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Granite Status: An anti-Shaheen ad getting attention

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A TV AD from "Citizens for a Strong New Hampshire'' against U.S. Sen. Jeanne Shaheen for her support for the Affordable Care Act (aka Obamacare) got state and national attention last week.


The news was that it was the first ad related to the 2014 U.S. Senate election. And it was the first ad critical of Shaheen aired in New Hampshire since her 2008 win.


No one has laid much of a glove on her since, or even tried. It's too early to say if the new ad will begin to soften her up for next year's campaign, but that's clearly the goal.


It certainly caught the attention of the Shaheen camp and state Democrats. Her campaign launched a fund-raising email to counter the ad by this "secretive right-wing group."


The state party asked who was funding the ad, knowing full well that a 501(c)(4) advocacy group, which Citizens is, need not disclose its donors.


The top consultant for the group is Mike Biundo of Manchester, former national campaign manager for Rick Santorum's presidential campaign. That relationship and Santorum's Twitter post about the ad sparked speculation that he, or his donors, funded the $110,000, two-week buy.


Biundo wasn't saying. He said Democrat speculation is "trying to distract from the salient point we're making," that the ACA is going to hurt New Hampshire families.


Biundo was once a top aide to then-Manchester Mayor Frank Guinta. But there is no indication that the ad was a stalking horse for a Senate campaign by former U.S. Rep. Guinta.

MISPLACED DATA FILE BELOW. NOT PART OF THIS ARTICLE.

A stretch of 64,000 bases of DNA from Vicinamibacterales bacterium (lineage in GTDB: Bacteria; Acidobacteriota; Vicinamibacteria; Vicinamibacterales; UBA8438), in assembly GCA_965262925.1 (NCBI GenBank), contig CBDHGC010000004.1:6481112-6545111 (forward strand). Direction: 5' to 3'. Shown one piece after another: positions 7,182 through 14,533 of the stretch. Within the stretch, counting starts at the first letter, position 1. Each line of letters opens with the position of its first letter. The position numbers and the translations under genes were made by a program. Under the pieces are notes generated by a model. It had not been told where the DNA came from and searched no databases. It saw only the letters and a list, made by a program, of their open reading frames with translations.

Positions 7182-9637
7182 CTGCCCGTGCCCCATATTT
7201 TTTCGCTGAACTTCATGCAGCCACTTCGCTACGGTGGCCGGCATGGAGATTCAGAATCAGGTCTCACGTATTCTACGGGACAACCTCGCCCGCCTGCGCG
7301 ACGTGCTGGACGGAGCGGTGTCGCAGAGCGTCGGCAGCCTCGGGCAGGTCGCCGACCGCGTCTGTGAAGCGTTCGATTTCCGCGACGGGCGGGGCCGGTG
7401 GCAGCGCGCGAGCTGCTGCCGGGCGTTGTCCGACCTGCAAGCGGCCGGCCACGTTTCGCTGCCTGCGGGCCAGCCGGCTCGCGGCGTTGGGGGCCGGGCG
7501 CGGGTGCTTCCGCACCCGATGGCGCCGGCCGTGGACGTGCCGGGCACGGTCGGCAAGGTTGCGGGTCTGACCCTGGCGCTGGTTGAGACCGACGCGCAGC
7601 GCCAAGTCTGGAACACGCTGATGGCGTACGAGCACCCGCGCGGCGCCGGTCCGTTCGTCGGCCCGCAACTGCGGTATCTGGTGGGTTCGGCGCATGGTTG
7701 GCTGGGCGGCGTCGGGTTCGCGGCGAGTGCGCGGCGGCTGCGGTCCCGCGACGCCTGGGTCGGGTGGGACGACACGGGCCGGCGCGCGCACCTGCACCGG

Biundo said this ad (more are planned) is to fill a vacuum because no one else has been taking on Shaheen.


In his opinion, the 2014 election will be "a huge referendum on 'Obamacare,'" which is beginning to take effect over the coming months.


That could be a strong issue for Republicans.


In the most recent UNH Survey Center poll, released in mid-April, support for Affordable Health Care act declined to 34 percent from 41 percent in February, while opposition increased to 49 percent.


At the same time, however, Shaheen remains extremely popular. The same UNH poll (completed for WMUR television) showed her with a 59 percent approval rating, with only 23 percent unfavorable.


Couple that with Shaheen's fund-raising prowess and her opponents have a steep climb. But it's early.


NHDP spokesman Harrell Kirstein said Biundo's was a phony attack.


"Only the Republicans want to go back and re-fight the health care battle. Everybody else knows health care reform is expanding coverage and reducing costs here and across the country," Kirstein said.


The group's ad and the attention it received from state and national political media, coupled with debates at the State House on Medicaid expansion and aligning small market insurance rules with the ACA, have boosted the overall issue's profile.


Expect the ramp-up to continue.


Meanwhile, Republican former state Sen. Jim Rubens said over the weekend that he continues to explore a run for the seat.


He said that based on telephone calls he's made for the past two weeks, "there is an intense amount of interest by active Republicans about winning this election. And there is no violent rejection of the approach that I'm taking to fiscal matters," which is a revenue neutral exchange of a carbon tax for decreases in individual and corporate taxes.


"In fact there is universal agreement about my focus on the debt, deficit, entitlement reform and health care costs," Rubens said.

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